Abandoned into an alien world

19th July 1996 at 01:00
Legislation on special needs is discriminating against children with autism. Josephine Gardiner reports.

Widespread ignorance about the nature of autism and a reluctance to provide education tailored to this complex condition is exacerbating the already formidable problems faced by autistic children and their parents, according to a highly critical report by the National Autistic Society published on Tuesday.

The report questions the current orthodoxy on the inclusion of children with special needs in mainstream schools, and suggests that a dogmatic adherence to this policy on the part of local authorities, combined with the pressure to find cheap solutions to special needs, is particularly harmful in the case of autism. Recent legislation that was intended to put the child first is actually discriminating against children with autism, it suggests.

The report claims that myths about autism persist among people who should know better, which prevents children getting crucial early educational intervention - autism is an incurable condition, but a huge difference can be made if it is recognised and treated early.

Autism is now believed to derive from an organic disorder in the brain, rather than psychological problems. Typically, it causes severe damage to a child's capacity for abstract thought and an absence of basic curiosity about the world. Autistic children also seem to lack both the ability and the desire to communicate with others, including their parents. In addition, autism involves an inability to grasp the meaning and purpose of language, and a retreat into obsessional and ritualistic behaviour.

The degree of severity can vary from normal or even high IQ to severe learning difficulty. Where there is no impairment of IQ, autism is known as Asperger's Syndrome.

The Autistic Society's report is based on a questionnaire survey of local authority education and social services departments on the type and amount of provision for young people with autism, and a survey of parents' experiences of the services available.

It reveals that 55 per cent of parents had difficulty in obtaining a diagnosis, citing delays, large numbers of consultations and an unwillingness on the part of professionals to commit themselves. Twenty-nine per cent of children had not been diagnosed by their fifth birthday. Parents also said that they felt blamed by professionals for their child's condition - suggesting that many educational psychologists, doctors and social workers still believe that autism is a neurotic disorder.

The report criticises recent legislation on special needs: the 1989 Children Act places a duty on local authorities to keep registers of disabled children but does not differentiate between disabilities; similarly, the Code of Practice on identification and assessment does not identify autism as a specific condition. The result is that local authorities have no idea how many autistic children there are in the area, and are falling back on the catch-all label "severe learning difficulties" for providing services, so that autistic children are liable to be placed in schools among children with a wide range of mental handicaps.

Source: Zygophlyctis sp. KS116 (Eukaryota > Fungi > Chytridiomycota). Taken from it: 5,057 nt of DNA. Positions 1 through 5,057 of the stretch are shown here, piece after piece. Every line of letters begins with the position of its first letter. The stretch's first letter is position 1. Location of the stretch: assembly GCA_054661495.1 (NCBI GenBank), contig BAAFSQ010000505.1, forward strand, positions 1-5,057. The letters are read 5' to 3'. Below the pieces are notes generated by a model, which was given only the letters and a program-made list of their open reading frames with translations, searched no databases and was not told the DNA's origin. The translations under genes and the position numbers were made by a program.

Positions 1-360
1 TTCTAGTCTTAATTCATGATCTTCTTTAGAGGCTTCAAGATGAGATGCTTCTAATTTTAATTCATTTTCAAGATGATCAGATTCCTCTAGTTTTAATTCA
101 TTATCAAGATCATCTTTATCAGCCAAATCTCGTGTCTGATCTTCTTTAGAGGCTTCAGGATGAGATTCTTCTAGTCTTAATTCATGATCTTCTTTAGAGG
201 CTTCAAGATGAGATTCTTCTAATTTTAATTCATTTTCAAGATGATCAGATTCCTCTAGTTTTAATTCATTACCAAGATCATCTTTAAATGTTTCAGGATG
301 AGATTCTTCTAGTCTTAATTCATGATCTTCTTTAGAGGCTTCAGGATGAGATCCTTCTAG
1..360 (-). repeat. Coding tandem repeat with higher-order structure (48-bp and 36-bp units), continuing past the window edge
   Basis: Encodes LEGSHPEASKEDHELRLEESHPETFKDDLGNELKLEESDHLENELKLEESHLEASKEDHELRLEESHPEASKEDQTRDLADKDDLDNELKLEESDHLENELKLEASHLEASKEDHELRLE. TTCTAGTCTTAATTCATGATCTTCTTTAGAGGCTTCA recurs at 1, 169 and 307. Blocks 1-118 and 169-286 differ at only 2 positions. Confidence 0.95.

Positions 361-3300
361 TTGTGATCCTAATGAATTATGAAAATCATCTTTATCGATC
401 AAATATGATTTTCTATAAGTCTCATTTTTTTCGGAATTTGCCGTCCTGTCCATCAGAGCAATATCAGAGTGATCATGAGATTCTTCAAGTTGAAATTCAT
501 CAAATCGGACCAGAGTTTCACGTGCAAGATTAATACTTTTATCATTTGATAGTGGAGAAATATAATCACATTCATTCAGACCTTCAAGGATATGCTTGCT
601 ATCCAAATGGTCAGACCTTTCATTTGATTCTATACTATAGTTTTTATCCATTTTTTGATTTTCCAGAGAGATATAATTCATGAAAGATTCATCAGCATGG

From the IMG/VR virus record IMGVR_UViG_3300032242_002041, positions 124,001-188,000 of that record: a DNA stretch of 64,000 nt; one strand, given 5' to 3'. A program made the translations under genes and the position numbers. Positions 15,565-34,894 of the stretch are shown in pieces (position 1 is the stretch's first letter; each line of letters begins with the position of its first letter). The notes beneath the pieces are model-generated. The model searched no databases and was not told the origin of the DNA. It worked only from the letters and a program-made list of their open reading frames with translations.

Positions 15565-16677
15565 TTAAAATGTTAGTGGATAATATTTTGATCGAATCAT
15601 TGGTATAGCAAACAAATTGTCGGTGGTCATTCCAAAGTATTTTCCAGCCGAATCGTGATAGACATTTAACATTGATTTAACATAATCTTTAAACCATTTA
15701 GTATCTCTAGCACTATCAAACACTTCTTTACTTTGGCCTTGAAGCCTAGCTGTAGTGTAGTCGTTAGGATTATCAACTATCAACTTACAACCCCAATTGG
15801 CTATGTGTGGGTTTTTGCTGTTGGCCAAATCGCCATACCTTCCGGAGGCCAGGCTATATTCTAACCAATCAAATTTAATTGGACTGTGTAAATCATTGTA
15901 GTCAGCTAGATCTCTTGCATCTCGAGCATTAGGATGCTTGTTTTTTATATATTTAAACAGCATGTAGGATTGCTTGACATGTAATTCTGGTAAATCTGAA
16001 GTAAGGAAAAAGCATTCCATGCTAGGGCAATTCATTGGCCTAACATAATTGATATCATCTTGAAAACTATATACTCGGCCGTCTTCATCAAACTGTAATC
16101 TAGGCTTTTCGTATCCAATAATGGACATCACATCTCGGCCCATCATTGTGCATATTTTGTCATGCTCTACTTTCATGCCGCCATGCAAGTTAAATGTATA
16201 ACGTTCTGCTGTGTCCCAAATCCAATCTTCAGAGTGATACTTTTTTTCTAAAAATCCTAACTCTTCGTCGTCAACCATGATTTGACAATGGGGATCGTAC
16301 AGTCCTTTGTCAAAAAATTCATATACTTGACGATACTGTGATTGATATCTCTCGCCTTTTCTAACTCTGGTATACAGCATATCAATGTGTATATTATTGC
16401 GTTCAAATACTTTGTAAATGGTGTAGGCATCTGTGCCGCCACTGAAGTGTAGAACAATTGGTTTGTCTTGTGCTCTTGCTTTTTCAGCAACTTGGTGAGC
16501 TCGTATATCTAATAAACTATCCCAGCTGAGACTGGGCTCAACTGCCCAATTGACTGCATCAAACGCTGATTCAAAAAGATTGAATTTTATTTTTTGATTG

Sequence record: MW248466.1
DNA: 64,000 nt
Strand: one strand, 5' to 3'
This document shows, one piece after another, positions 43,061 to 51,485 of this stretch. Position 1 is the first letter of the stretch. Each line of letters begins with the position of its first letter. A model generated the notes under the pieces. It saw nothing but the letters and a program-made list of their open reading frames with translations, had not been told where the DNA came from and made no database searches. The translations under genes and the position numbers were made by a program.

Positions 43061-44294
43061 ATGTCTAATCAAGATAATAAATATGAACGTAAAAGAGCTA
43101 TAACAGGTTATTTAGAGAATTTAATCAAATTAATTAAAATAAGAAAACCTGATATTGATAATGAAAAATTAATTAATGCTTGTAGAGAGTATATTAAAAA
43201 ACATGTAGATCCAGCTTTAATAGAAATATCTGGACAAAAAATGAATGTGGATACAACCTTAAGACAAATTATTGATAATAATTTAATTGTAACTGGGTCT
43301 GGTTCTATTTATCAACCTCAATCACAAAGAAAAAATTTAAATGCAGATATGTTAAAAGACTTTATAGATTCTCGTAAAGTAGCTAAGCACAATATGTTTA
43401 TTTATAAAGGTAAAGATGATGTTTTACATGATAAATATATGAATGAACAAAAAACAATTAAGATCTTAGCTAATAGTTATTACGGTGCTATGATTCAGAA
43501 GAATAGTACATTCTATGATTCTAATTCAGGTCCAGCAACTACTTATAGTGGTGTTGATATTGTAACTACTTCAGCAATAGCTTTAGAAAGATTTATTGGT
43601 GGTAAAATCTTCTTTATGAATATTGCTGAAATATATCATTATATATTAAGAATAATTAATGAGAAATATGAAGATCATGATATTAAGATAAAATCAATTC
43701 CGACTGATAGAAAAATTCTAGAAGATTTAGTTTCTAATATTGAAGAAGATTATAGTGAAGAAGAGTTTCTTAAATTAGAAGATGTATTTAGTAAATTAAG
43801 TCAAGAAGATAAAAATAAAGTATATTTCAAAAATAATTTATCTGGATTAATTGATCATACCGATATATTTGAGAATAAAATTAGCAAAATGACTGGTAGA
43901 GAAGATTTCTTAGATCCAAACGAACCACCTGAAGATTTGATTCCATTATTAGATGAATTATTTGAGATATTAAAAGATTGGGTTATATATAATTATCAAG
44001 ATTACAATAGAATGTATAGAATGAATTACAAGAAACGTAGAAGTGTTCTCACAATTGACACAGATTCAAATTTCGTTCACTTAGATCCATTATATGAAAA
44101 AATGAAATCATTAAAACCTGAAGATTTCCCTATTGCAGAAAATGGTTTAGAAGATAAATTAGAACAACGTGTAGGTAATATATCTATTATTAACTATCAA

After getting a diagnosis, parents complain that they are left to cope alone; they have find out for themselves what educational provision, if any, is available, get their child a statement and fight for the appropriate school. Most worried constantly about the future - 89 per cent said they had been given no indication of what would happen to their child after 16.

The survey found many parents who said that the authority only provided specialist care after a crisis. Autistic children tend to be unusually distressed by a change in routine, yet the lack of co-ordination between different services results in disruption to the child's education.

Instead of "patchy and crisis-led care", parents should be given structured plans for the child as soon as the diagnosis is made, says the report. There are only 3,306 specialist places for the estimated 73,600 autistic and Aspergers' children in the UK; the majority are therefore catered for in mainstream schools or schools for learning difficulties. Wherever they are, this report stresses, they must have expert, intelligent support to prevent them being stranded in an alien world.


Autism is not: * the result of emotional deprivation * a withdrawal into fantasy life due to parental rejection * misunderstood genius (though some individuals have special abilities in narrow areas) * a middle-class disorder * curableAutism is: * a pervasive developmental disorder involving a biological defect in brain function * more likely in boys (4:1 ratio) * a "spectrum disorder" - ranging from severe learning difficulties to average or above average IQ * associated with organic causes such as encephalitis, epilepsy and maternal rubella * genetically linked - some families show a higher incidence associated with unusual responses to sensory stimuli * a lifelong disability Source: the National Autistic Society

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